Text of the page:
On the night of Aug. 28, while Antwan Horton lay bleeding from a gunshot wound at the back of his head, a resident or passer-by of Rainier Valley's Dakota Place apartments started performing manual resuscitation on the 19-year-old.
But when the police arrived seven or eight minutes after the shooting, says Rick Willis, pastor of Seattle's Truevine of Holiness Missionary Baptist Church and a resident of the Dakota, the first thing an officer did was tell the Good Samaritan to stop giving CPR and leave the area, which police then cordoned off.
Willis says he was out on the street that night and saw this himself. He and another Dakota resident, Annette Jeffrey, say that they attended a meeting at the building held with police shortly after the shooting and that residents asked why police had stopped the CPR, but got no answer.
The Seattle Police Department says the CPR never happened and the question never came up. But members of a newly formed group of Black Christian clergy disagree on both counts -- one reason they put Antwan Horton's death front and center in a press conference they held Sept. 12 calling on the city to address gang violence.
The Rev. Rick Willis is a member of that group along with Dakota resident Annette Jeffrey's brother, the Rev. Robert Jeffrey Sr. of New Hope Baptist Church. The press conference started with a statement by the Rev. Kenneth Ransfer Sr., of the Greater Mount Baker Baptist Church, that Antwan Horton had not been allowed medical attention because law enforcement needed to secure the area to look for the shooter.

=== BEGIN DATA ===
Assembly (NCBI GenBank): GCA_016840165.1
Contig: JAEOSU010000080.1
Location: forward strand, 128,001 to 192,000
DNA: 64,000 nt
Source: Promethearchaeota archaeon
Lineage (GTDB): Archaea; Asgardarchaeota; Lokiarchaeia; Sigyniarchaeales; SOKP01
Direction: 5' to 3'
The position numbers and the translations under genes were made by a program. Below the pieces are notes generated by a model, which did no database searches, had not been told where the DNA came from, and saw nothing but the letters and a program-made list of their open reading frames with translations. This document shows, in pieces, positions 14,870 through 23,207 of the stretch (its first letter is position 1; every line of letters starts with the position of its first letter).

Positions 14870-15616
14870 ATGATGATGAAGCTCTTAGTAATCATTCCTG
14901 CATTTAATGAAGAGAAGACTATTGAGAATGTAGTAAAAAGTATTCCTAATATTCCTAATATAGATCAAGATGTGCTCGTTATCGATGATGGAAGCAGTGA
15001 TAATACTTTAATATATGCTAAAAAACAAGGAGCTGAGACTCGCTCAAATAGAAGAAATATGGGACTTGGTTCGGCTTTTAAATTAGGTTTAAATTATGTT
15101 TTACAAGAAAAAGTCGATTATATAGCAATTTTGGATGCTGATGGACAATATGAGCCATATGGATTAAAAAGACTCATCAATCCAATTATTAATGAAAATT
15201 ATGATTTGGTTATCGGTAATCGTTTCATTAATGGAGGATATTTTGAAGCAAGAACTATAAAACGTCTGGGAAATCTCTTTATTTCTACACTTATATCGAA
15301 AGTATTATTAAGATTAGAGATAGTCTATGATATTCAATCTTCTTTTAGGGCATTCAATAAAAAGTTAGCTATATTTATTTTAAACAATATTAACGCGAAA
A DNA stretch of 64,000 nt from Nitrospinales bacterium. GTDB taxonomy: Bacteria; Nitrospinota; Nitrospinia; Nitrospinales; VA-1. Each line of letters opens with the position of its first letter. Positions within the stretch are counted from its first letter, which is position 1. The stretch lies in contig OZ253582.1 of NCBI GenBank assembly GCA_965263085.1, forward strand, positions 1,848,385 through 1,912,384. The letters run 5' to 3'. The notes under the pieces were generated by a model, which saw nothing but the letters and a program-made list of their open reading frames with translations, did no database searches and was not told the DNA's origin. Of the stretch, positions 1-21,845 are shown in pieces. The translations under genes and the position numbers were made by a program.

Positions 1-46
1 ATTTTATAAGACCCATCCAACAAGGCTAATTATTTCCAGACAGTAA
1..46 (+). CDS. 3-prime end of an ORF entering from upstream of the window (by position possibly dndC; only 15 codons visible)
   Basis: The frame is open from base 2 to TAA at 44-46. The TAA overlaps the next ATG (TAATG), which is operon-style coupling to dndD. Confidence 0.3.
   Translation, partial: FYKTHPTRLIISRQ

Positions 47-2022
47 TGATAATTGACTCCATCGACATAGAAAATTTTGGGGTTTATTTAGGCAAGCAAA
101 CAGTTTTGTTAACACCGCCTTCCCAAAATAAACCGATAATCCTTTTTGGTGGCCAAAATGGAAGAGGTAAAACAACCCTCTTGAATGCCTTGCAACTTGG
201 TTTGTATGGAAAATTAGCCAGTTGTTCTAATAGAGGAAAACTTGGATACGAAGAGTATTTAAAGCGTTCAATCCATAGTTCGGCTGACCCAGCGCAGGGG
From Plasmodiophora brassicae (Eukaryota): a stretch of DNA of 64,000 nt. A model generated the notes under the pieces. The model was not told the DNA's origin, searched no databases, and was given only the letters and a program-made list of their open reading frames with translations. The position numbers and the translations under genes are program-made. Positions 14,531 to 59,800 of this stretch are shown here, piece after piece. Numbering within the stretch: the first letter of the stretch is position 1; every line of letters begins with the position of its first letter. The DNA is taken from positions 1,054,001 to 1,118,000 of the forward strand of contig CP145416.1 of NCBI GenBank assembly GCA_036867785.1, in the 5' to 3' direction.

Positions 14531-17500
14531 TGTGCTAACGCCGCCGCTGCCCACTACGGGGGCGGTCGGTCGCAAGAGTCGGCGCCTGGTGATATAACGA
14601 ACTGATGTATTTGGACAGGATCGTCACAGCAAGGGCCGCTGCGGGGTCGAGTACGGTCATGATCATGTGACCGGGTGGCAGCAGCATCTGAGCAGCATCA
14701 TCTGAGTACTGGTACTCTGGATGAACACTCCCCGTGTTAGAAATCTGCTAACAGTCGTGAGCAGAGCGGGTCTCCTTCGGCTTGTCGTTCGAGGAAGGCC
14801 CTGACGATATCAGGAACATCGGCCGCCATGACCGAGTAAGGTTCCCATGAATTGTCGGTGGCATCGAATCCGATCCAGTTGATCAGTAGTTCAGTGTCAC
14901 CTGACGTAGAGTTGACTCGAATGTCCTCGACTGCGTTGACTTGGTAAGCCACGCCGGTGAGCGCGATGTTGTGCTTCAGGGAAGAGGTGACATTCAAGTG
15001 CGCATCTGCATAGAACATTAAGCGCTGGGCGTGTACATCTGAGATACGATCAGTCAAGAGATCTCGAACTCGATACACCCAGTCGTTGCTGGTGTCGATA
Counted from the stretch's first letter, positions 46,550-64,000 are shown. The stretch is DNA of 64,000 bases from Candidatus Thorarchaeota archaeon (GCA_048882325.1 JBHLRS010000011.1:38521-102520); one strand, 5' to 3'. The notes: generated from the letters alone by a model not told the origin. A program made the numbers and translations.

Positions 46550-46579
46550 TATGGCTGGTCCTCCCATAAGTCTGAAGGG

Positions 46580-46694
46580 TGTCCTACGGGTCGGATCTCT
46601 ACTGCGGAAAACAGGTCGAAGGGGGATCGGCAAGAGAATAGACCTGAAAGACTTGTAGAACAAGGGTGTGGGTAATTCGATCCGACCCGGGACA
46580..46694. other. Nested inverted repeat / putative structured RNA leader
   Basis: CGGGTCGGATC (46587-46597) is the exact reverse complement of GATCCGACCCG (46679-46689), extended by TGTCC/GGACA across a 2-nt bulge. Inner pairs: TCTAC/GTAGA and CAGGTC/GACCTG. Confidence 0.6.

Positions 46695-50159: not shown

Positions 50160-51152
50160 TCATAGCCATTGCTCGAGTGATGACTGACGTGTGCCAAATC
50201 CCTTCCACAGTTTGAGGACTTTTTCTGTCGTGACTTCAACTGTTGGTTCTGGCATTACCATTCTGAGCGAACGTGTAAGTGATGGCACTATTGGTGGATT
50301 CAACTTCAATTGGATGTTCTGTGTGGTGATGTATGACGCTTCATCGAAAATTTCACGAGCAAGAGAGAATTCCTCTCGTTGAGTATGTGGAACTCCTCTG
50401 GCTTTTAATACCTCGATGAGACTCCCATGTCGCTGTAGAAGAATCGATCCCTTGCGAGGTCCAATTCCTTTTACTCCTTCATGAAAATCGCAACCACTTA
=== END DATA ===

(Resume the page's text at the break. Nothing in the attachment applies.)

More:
"We believe there must be a better way to give medical attention to a citizen who is wounded, a human being who is wounded, and at the same time make sure that police officers are safe," Ransfer said Sept. 12. "If the shooting at the Dakota was in another community, would [the victim] be denied medical attention?"
Managers at Dakota Place and Courtland Place, two low-income high-rises that are part of the new Rainier Court development on Rainier Ave. S., dismiss the CPR story. But police officials have neither confirmed nor denied the account.
"I don't know whether there would have been a life-saving effort done, since the person was shot in the head," says Assistant Police Chief Harry Bailey.
"That's crazy," Willis responds. "The police officers came and interviewed people -- at least seven people saw [the person] giving CPR and saw them stop it and cordon off the area." Despite the nature of the wound, paramedics did respond and work on Horton, who died at Harborview Medical Center 17 hours later. But police spokesman Mark Jamieson says police must secure an area before the Fire Department will enter it.
"Our first priority is to make sure the area is secure and safe," Jamieson says. "If it's not safe, we wouldn't have a civilian out there rendering aid."
After the shooting, he says Lt. James Koutsky of the South Precinct held a meeting at the Dakota that Willis and Jeffrey say they attended with about 30 other residents. Jamieson says no one raised the issue at the meeting of why police might stop a bystander from giving CPR, but Jeffrey says residents most certainly did ask that question -- and Koutsky had no answer.
"He didn't know what they could or could not do," Jeffrey says. "If he could have answered those questions, people wouldn't have been so upset."